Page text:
The Kremlin is also conducting military maneuvers in the Black Sea, near the southern coastline of Ukraine’s mainland. This week, a detachment of six Russian landing ships arrived at the Sevastopol port in Crimea. The ships typically are used for unloading troops, vehicles and equipment. Some were used in Russia’s invasion of Georgia in 2008.

The Russian deployment and Moscow’s refusal to back down means Europe should brace “for the worst,” NATO Secretary General Jens Stoltenberg told reporters Thursday, adding that the “warning time for a possible attack is going down.”

Putin has demanded that NATO permanently bar Ukraine, which he sees as part of his country’s sphere of influence, from joining the military alliance. He has also demanded that the bloc pull back its forces from Eastern Europe. The U.S.-led alliance has rejected the ultimatum, citing an open-door policy that allows any nation to seek entry, even as Washington signals its willingness to negotiate on issues Moscow considers of “secondary” importance.

“NATO will not compromise on core principles,” Stoltenberg said at a news conference in Brussels with British Prime Minister Boris Johnson. “Renewed Russian aggression will lead to more NATO presence, not less.”

Defense ministers of NATO member states will meet next week and consider shifting additional troops to bolster the bloc’s southeastern flank. Members have already committed to deploying military assets to Bulgaria, and the United States is also moving troops into Romania.

“We have repeatedly stated at various levels that we have no plans to ‘invade’ or ‘attack’ Ukraine,” Russian Deputy Foreign Minister Andrey Rudenko told the Tass news agency. “Clearly, establishing peace in Ukraine is not part of NATO’s plans.”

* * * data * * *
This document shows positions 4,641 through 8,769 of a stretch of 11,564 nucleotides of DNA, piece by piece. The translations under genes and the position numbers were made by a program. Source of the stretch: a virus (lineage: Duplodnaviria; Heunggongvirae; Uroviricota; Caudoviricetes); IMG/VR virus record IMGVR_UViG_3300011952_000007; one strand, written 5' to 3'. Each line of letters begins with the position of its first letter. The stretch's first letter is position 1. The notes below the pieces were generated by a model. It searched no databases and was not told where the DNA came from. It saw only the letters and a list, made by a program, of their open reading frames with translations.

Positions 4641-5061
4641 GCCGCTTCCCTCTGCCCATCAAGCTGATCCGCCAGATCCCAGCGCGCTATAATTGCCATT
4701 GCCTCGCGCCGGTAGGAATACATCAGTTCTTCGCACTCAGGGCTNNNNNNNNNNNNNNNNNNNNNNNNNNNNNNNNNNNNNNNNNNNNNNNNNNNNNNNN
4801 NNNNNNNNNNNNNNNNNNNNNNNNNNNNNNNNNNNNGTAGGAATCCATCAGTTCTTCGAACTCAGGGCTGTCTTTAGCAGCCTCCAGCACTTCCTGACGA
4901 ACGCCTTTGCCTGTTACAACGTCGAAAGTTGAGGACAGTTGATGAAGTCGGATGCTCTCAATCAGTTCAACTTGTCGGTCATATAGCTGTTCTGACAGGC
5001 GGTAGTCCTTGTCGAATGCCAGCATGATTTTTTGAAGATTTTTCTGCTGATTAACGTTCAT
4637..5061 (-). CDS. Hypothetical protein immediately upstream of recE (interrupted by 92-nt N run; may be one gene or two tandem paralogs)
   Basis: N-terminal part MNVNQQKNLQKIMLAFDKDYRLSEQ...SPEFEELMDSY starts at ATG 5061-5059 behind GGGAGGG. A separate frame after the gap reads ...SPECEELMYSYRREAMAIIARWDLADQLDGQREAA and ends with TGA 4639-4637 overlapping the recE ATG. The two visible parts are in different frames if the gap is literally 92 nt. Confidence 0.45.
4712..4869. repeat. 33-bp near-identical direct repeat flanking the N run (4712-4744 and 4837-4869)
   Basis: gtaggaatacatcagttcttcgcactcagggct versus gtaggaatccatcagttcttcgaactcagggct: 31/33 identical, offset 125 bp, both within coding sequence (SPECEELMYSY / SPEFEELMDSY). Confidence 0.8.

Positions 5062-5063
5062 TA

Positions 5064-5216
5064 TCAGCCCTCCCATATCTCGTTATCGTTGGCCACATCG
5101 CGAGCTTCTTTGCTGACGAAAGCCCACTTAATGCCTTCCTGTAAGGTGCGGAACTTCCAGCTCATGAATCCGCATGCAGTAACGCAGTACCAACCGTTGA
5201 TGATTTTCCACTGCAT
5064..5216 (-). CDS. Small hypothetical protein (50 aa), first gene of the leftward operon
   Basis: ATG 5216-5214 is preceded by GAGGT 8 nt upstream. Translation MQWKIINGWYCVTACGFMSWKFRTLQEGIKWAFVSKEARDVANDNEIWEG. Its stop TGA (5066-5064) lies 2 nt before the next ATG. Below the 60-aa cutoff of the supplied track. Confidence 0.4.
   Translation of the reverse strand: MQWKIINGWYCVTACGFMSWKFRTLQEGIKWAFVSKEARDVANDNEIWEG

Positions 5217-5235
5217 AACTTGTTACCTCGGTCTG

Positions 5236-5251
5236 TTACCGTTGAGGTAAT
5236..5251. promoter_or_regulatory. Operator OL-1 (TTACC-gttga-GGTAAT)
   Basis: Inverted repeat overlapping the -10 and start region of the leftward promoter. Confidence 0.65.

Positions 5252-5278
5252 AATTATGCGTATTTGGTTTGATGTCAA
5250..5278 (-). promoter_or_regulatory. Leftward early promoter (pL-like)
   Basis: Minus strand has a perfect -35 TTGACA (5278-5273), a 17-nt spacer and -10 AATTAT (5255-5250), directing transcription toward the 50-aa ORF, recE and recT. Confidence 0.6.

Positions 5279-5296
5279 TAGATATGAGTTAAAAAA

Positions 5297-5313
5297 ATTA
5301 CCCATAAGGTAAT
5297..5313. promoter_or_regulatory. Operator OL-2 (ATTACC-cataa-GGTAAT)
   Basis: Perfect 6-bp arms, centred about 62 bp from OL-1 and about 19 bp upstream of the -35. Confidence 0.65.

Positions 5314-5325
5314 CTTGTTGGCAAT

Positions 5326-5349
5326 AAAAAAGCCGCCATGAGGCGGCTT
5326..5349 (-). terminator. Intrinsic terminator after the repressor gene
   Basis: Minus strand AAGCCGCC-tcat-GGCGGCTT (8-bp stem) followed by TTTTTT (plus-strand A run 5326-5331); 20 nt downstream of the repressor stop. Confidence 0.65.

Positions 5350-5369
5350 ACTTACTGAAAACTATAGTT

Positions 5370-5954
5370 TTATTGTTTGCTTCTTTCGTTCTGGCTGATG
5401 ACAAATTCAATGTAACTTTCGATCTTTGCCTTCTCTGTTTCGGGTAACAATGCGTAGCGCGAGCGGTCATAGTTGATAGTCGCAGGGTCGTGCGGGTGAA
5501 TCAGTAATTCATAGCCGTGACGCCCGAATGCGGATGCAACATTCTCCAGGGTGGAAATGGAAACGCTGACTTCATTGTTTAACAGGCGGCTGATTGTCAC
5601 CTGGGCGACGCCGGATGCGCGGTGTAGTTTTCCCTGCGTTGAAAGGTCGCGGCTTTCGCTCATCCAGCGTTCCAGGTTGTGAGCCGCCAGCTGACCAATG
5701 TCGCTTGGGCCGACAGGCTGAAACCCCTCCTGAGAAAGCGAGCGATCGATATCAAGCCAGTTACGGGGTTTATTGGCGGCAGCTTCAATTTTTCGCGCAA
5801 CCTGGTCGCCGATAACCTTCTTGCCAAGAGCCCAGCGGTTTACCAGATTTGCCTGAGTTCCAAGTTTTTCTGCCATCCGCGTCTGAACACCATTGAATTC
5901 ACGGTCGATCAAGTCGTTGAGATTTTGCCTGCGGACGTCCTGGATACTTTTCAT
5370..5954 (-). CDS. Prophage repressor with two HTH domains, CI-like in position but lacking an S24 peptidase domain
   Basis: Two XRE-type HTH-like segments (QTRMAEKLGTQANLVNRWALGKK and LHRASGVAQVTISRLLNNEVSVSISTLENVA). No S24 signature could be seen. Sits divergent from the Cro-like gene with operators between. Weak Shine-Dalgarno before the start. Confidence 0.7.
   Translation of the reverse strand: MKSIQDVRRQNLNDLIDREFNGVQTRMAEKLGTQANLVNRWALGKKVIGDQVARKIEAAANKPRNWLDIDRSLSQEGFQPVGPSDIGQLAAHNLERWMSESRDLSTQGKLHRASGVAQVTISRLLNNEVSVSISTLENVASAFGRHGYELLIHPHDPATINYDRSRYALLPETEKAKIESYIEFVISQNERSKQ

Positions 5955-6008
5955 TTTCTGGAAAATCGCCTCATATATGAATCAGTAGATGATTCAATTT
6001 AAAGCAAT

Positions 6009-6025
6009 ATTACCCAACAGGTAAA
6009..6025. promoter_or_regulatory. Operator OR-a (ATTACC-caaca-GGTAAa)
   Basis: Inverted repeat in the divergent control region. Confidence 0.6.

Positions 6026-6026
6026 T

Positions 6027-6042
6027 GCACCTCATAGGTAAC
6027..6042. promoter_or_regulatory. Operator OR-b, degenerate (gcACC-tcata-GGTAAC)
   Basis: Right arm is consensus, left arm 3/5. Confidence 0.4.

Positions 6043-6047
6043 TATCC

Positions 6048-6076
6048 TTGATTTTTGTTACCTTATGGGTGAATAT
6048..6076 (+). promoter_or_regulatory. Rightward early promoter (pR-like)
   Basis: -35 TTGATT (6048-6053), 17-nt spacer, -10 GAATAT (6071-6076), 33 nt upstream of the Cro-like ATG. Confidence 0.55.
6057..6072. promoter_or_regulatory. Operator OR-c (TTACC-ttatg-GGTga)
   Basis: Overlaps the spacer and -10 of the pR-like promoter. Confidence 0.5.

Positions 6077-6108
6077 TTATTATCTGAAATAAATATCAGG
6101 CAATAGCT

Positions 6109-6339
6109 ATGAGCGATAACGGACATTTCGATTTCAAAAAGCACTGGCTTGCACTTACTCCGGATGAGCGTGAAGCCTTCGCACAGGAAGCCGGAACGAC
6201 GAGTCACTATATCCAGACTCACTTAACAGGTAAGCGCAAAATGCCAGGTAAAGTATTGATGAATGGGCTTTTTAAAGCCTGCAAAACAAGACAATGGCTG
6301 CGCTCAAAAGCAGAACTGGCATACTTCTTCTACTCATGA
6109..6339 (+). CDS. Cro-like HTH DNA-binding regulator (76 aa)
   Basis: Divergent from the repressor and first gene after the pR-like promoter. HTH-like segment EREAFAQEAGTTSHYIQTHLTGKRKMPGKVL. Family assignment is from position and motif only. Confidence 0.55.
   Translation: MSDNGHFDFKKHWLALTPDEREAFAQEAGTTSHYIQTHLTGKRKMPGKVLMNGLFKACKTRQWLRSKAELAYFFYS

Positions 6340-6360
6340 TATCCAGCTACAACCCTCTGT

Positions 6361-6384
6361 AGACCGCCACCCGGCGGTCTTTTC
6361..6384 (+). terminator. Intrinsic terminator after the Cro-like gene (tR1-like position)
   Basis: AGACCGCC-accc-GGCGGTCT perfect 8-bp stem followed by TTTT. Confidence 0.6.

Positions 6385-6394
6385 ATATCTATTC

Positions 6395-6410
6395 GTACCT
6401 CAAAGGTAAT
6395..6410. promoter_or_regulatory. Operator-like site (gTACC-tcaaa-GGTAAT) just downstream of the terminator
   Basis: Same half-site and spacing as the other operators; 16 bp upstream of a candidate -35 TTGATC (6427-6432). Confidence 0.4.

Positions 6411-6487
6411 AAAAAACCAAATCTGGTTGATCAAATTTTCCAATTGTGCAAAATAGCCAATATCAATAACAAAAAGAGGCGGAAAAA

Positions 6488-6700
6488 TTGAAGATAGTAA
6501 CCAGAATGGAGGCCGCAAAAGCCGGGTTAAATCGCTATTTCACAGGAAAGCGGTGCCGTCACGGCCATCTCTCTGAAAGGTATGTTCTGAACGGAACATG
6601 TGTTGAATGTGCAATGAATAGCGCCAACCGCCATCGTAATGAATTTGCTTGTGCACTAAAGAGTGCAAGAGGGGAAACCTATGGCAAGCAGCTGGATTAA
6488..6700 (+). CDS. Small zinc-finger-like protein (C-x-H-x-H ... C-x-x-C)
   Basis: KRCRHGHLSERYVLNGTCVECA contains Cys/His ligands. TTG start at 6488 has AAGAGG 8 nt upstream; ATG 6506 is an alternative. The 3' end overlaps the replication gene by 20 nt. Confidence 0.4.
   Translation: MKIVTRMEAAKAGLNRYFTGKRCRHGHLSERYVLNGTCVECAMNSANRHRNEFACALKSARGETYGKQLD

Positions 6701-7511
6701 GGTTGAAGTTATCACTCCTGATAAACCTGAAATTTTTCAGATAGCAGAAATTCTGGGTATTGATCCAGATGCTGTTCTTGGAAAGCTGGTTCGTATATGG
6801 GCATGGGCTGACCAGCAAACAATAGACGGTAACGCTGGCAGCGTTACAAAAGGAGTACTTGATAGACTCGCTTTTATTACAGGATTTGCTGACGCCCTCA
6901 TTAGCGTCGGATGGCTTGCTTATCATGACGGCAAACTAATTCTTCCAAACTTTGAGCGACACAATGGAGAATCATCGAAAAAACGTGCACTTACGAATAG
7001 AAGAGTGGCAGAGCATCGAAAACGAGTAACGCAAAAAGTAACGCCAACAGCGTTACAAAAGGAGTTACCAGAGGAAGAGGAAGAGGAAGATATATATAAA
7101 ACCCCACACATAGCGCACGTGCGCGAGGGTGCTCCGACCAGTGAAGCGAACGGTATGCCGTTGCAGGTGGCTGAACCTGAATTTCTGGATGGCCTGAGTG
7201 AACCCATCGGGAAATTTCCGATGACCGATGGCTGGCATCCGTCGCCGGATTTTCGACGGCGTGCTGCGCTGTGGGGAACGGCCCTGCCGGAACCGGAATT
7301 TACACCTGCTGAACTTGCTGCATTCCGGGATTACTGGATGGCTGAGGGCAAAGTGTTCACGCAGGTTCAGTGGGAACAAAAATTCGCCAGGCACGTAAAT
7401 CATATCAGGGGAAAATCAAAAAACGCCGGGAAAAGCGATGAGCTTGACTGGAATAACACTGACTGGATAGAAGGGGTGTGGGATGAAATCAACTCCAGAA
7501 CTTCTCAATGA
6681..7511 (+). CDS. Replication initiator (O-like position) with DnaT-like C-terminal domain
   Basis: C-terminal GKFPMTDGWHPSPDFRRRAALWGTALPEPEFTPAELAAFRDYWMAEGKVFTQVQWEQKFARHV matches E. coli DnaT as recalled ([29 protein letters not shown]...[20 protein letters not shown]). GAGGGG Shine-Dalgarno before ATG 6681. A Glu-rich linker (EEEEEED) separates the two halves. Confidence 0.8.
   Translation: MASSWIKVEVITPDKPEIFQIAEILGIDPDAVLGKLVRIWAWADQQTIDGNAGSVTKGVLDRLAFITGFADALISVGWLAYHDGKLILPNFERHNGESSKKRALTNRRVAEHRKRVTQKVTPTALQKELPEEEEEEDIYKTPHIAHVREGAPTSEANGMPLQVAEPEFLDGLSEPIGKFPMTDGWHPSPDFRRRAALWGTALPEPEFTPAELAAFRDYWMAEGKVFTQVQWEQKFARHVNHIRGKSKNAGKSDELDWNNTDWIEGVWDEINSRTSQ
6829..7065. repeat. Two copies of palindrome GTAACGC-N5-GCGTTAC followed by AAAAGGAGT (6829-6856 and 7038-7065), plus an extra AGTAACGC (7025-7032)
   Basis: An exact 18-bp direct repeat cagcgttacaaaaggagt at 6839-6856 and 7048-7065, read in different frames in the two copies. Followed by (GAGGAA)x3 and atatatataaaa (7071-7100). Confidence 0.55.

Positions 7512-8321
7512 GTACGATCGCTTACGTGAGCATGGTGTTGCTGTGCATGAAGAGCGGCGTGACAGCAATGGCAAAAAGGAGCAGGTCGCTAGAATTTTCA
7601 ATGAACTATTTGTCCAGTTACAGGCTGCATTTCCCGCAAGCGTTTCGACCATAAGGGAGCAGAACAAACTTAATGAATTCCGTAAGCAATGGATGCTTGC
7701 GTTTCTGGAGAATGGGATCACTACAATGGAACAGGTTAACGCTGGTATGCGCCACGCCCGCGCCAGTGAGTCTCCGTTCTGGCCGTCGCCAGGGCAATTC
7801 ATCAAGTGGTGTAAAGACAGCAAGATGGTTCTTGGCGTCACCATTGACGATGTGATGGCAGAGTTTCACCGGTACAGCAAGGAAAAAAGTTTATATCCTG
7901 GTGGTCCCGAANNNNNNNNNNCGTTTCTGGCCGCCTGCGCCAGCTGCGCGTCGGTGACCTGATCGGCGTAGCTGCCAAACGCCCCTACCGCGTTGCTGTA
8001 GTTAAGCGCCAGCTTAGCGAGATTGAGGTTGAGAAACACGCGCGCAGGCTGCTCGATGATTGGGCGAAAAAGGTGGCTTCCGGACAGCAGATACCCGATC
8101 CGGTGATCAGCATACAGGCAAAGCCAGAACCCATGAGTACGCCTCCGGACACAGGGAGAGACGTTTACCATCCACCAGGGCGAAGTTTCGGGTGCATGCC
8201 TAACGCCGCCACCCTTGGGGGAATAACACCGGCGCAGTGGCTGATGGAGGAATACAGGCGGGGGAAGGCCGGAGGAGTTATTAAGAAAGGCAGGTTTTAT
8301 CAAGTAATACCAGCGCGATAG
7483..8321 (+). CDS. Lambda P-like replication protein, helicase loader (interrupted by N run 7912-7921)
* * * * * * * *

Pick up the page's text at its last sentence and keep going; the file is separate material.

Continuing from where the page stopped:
Stoltenberg urged for diplomacy to continue, while British Defense Secretary Ben Wallace will meet his Russian counterpart in Moscow on Friday for talks. The visit comes after Wallace announced that 350 British Royal Marines will soon be deployed to Poland in a gesture of solidarity.

German Chancellor Olaf Scholz met with leaders of the Baltic states Thursday and pledged “very serious political, economic and strategic consequences” if Russia attacks Ukraine, Reuters reported.

Scholz has been criticized at home and abroad for his hands-off approach to the Ukraine situation. Germany is a NATO member but has close economic ties with Moscow, on which it depends for energy imports.

Kyiv is hosting a military exercise of its own this week, and officials there condemned the Russian operations as a threat to Ukrainian sovereignty. Ukraine also accused Russia of violating international law by restricting wide swaths of the Black Sea to conduct missile and artillery fire training, a claim that Kremlin spokesman Dmitry Peskov denied Thursday.

Peskov said that all Russian naval conduct in the Black Sea is in compliance with international maritime law and that the Kremlin’s ships are not blocking any trade routes, according to Tass.

Cheng reported from Seoul. The Washington Post’s Robyn Dixon in Moscow contributed to this report.